Machine learning accelerates cosmological simulations
A universe evolves over billions and billions of years, but researchers have now developed a way to create a complex simulated universe in less than a day. The technique, published in Proceedings of the National Academy of Sciences, brings together machine learning, high-performance computing and astrophysics -- and will help usher in a new era of high-resolution cosmology simulations. The U.S. National Science Foundation funded the research.
Cosmological simulations are an essential part of teasing out the many mysteries of the universe, including those of dark matter and dark energy. But until now, researchers faced the common conundrum of not being able to have it all -- simulations could either focus on a small area at high resolution or encompass a large volume of the universe at low resolution.
Carnegie Mellon University physicist Tiziana Di Matteo and colleagues surmounted this problem by teaching a machine learning algorithm based on neural networks to upgrade a simulation from low resolution to super resolution.
"It's clear that AI is having a big effect on many areas of science, including physics and astronomy," said James Shank, a program director in the U.S. National Science Foundation's Division of Physics. "Our AI Planning Institute program is working to push AI to accelerate discovery. This new result is a good example of how AI is transforming cosmology."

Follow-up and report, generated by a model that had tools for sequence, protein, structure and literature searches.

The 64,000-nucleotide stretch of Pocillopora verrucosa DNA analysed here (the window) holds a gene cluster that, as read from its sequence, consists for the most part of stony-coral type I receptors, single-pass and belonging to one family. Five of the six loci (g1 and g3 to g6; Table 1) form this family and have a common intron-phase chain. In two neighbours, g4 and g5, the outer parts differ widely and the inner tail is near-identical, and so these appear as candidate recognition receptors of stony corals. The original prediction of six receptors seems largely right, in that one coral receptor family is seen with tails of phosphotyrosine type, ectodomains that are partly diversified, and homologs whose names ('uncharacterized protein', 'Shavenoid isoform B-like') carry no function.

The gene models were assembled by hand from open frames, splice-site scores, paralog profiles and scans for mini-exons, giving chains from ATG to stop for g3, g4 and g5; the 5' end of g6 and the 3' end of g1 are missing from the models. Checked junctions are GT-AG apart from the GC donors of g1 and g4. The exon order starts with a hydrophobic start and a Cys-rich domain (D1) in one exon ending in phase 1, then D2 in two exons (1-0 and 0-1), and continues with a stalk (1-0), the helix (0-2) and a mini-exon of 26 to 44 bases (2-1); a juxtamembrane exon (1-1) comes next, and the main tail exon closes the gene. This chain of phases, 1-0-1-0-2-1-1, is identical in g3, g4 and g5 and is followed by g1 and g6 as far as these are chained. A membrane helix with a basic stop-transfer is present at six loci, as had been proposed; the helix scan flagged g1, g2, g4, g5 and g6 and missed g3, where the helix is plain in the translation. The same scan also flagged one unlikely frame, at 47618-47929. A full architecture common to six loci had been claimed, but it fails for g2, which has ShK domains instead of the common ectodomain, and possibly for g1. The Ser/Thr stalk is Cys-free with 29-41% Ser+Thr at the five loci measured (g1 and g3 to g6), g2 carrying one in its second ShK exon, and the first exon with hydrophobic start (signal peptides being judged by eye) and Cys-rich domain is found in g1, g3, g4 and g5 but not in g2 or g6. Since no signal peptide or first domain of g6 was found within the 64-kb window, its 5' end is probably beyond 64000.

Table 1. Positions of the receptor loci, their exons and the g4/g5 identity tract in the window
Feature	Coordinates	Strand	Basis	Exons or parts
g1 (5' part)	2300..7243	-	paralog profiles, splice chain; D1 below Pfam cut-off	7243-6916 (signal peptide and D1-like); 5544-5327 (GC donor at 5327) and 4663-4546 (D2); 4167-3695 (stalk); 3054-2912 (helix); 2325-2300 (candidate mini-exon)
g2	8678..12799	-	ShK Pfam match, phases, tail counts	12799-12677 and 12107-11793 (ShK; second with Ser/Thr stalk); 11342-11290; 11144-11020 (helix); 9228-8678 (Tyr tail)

The trained code can take full-scale, low-resolution models and generate super-resolution simulations that contain up to 512 times as many particles. For a region in the universe roughly 500 million light-years across that contains 134 million particles, existing methods would require 560 hours to churn out a high-resolution simulation using a single processing core. With the new approach, the researchers need only 36 minutes.
The results were even more dramatic when more particles were added to the simulation. For a universe 1,000 times as large, with 134 billion particles, the new method took 16 hours on a single graphics processing unit. Using current methods, a simulation of this size and resolution would take a supercomputer months to complete.